So I did a quick test meeting with only my PC as host and the Mac as a participant. The PC being fed from the RodeCaster has Original Sound On, and the Mac has a simple USB headset with attached Mic, each fed into a separate 3mm jack, and those feed one USB A into the Mac (a late 2014 Mac Mini running Sierra with 8GB RAM) running Zoom
5.10.14. Here's that the statistics tab of the settings panel reads:
This is "normal" for me, and the same view on the Mac is almost identical (minor differences in Latency and Jitter). Most systems feed 24Khz audio, except Original Sound creates 2-channel stereo with 48Khz. That's not the only configuration I've seen, but anything other than that is extremely rare, and almost always seems to involve some sort of extra complicated interface hardware and/or software that isn't set for 24K mono or 48K stereo.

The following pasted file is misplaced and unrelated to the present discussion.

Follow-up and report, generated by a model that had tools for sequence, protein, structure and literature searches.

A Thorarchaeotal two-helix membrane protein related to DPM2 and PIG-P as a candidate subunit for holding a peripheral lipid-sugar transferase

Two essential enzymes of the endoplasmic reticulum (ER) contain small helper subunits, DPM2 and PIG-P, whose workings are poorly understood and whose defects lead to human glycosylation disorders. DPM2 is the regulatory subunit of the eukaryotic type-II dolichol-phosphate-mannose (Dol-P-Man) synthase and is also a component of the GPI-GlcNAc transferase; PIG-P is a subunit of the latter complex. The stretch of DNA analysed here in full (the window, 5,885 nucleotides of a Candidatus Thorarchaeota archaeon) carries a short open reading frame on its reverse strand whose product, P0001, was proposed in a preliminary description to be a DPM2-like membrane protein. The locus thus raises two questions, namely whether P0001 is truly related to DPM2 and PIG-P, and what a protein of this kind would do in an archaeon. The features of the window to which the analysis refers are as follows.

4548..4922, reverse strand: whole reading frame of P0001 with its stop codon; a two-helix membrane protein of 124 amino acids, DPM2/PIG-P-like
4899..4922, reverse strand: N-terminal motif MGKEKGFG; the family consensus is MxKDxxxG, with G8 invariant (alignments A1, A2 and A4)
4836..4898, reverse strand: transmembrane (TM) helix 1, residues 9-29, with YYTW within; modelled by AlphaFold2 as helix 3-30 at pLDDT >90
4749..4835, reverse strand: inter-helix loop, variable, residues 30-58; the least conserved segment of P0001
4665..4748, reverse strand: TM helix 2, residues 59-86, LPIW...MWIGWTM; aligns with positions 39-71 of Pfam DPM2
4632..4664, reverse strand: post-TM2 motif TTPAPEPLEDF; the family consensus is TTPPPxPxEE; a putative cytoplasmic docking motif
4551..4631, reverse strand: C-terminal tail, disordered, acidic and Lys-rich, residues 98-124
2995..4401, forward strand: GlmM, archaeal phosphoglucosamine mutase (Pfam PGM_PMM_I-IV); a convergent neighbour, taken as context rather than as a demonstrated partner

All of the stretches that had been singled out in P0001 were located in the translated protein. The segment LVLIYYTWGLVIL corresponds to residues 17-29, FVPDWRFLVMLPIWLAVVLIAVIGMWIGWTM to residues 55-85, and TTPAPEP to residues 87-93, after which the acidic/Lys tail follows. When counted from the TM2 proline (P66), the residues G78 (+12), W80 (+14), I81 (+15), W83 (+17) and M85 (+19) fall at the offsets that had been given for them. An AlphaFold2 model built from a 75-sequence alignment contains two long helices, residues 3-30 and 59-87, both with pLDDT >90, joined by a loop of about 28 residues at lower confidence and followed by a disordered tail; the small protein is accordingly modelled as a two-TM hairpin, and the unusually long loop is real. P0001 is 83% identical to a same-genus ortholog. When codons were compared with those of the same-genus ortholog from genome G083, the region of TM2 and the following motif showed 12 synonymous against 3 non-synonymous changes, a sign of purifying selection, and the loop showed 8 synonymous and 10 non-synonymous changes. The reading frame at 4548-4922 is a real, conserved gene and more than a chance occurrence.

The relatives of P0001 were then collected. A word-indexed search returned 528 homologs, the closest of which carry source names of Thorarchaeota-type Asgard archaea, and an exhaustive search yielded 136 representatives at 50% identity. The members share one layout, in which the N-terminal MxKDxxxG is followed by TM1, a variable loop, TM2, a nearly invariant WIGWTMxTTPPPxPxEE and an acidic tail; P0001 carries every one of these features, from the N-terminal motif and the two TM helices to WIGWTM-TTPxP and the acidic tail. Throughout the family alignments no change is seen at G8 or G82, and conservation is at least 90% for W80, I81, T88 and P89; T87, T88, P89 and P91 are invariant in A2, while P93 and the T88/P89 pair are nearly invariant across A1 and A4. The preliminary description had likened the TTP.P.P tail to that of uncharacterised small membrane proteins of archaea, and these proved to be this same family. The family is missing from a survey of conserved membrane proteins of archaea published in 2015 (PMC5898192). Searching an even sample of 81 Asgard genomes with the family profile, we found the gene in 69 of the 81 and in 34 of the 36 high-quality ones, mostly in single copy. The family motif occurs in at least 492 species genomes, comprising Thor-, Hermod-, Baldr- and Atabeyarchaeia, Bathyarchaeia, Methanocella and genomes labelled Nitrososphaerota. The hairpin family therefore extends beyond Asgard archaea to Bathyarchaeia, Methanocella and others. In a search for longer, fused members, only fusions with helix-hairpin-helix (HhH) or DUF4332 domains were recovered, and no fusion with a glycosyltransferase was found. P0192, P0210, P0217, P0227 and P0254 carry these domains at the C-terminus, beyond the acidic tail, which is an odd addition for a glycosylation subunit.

Zoom also can grab any of the channels from my Rodecaster at 48K stereo using the ASIO interface. Haven't had any issues when I use that.
Is the other end (the source) also a Mac? No chance they're also running through OBS or something? That's about all I can think of where I've heard occasional issues... and nothing really consistent like you're seeing.
I look at the Statistics panel "often"... and rush to it any time I see any issues with audio or video. I'll tell you the real bandwidth-killer situation I've seen way too often: someone with a 4K monitor screen sharing. Zoom shares Screen Sharing at native (source) resolution! If you have any screen sharing going on and you want good audio... pick one or the other.
I recommend setting up Original Sound whenever possible (for experienced Zoom folks, not for the casual Zoomer): https://support.zoom.us/hc/en-us/articles/115003279466-Using-and-preserving-original-sound-in-a-meet...,